Ian Goodfellow, a director of machine learning at Apple, has resigned over the company’s hybrid-work policy. It’s yet another sign of how technologists are pushing hard for schedules (whether hybrid or all-remote) that work for them.
According to Zoe Schiffer, a reporter at The Verge, Goodfellow was “likely [Apple’s] most cited [machine learning] expert.” In a note to staff, he reportedly said: “I believe strongly that more flexibility would have been the best policy for my team.”
Over the past few months, Apple employees have grumbled about the company’s plans to gradually bring them back to the office. A recent survey by Blind, which surveys anonymous technologists on a range of issues, found that 76 percent of (site-verified) Apple employees were dissatisfied with the company’s hybrid and return-to-office strategy.“[Sixty percent] of my team doesn’t even live near the office. They are not returning,” a verified Apple employee mentioned on a Blind discussion forum.
By the end of April, Apple employees were expected back in the office two days per week; by the end of May, that will rise to three days per week (Monday, Tuesday, and Thursday). “For many of you, I know that returning to the office represents a long-awaited milestone and a positive sign that we can engage more fully with the colleagues who play such an important role in our lives,” Apple CEO Tim Cook wrote in a recent email, according to The Verge. “For others, it may also be an unsettling change. I want you to know that we are deeply committed to giving you the support and flexibility that you need in this next phase.”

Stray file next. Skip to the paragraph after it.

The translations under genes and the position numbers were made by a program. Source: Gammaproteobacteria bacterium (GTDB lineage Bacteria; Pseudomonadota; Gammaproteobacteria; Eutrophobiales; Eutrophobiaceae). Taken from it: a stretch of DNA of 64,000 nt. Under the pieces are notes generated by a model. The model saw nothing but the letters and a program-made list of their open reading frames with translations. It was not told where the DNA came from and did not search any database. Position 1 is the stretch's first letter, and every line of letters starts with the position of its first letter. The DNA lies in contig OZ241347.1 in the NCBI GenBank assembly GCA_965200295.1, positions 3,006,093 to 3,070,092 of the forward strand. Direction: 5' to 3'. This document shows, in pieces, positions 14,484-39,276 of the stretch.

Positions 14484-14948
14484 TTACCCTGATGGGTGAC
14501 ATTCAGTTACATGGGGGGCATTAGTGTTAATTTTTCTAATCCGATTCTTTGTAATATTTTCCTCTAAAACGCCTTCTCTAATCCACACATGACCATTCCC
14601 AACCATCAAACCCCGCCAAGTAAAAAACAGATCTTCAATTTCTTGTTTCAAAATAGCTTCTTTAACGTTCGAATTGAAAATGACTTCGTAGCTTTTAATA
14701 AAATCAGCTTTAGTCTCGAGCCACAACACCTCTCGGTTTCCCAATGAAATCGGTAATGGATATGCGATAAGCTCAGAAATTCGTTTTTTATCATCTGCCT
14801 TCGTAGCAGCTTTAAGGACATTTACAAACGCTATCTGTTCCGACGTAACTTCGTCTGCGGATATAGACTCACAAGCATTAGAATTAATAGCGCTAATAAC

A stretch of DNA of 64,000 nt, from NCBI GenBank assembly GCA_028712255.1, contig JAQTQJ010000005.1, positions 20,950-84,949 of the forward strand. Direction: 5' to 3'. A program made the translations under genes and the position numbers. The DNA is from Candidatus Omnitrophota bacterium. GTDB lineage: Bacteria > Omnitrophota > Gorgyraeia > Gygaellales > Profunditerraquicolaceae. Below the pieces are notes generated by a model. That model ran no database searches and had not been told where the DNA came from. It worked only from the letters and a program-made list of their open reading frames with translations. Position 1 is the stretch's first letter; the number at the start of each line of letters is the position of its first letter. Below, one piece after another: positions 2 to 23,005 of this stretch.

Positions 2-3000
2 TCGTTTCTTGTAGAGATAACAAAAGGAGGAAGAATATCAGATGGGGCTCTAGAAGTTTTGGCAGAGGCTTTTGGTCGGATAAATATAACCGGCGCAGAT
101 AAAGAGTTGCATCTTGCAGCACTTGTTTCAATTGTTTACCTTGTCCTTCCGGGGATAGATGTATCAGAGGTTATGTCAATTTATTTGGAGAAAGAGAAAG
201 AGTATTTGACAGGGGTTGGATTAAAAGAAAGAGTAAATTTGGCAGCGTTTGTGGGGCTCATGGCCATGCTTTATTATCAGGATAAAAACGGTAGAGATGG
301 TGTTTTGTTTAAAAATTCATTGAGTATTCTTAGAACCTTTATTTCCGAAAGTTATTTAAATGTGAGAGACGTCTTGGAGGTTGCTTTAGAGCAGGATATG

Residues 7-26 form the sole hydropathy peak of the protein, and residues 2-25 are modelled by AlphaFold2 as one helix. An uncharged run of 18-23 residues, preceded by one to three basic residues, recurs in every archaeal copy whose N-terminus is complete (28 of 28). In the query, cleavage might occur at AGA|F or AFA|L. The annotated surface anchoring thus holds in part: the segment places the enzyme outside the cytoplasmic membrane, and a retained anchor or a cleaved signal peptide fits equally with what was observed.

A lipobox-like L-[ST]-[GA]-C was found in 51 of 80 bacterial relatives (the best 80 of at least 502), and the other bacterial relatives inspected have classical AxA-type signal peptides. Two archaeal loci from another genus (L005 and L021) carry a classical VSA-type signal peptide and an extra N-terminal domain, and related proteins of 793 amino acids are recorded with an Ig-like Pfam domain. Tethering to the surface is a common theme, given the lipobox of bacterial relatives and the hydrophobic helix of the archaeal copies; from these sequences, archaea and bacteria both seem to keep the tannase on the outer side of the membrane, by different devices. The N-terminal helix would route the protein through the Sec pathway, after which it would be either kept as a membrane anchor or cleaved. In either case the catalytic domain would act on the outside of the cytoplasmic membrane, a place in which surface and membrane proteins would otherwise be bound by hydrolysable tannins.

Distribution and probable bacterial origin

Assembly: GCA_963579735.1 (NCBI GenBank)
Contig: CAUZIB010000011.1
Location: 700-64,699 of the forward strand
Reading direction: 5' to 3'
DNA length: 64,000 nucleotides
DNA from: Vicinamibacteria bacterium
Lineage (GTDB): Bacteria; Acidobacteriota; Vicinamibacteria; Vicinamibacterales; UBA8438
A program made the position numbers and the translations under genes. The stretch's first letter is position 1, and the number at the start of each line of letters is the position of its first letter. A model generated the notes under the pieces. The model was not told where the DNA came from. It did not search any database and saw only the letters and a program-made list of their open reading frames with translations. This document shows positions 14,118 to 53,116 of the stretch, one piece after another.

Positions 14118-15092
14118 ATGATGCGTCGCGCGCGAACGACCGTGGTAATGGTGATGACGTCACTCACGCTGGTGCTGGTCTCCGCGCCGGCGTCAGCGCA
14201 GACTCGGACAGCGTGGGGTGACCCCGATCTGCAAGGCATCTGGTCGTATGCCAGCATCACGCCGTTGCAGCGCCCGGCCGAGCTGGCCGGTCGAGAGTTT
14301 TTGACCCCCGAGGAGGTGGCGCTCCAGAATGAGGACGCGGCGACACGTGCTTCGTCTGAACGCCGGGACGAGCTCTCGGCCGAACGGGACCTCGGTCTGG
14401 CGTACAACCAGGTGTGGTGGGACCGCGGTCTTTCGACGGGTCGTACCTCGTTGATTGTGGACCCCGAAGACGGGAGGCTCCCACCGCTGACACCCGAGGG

Apple isn’t the only company facing pushback from technologists over the details of hybrid- and remote-work policies. Over at Google, some employees are reportedly upset at the lack of flexibility over which days they must come into the office.
The pandemic has left technologists everywhere wanting hybrid and remote work— Dice’s Tech Sentiment Report found that 85 percent of technologists thought the prospect of hybrid work was anywhere from somewhat to extremely desirable. However, it’s also increasingly clear that many technologists also want the ability to determine their schedules to a granular degree; according to a recent survey by Limeade, a lack of flexibility had driven 20 percent of employees out the door at their previous jobs. Managers and executives interested in retaining their talent need to pay attention to what their teams want out of their schedules.
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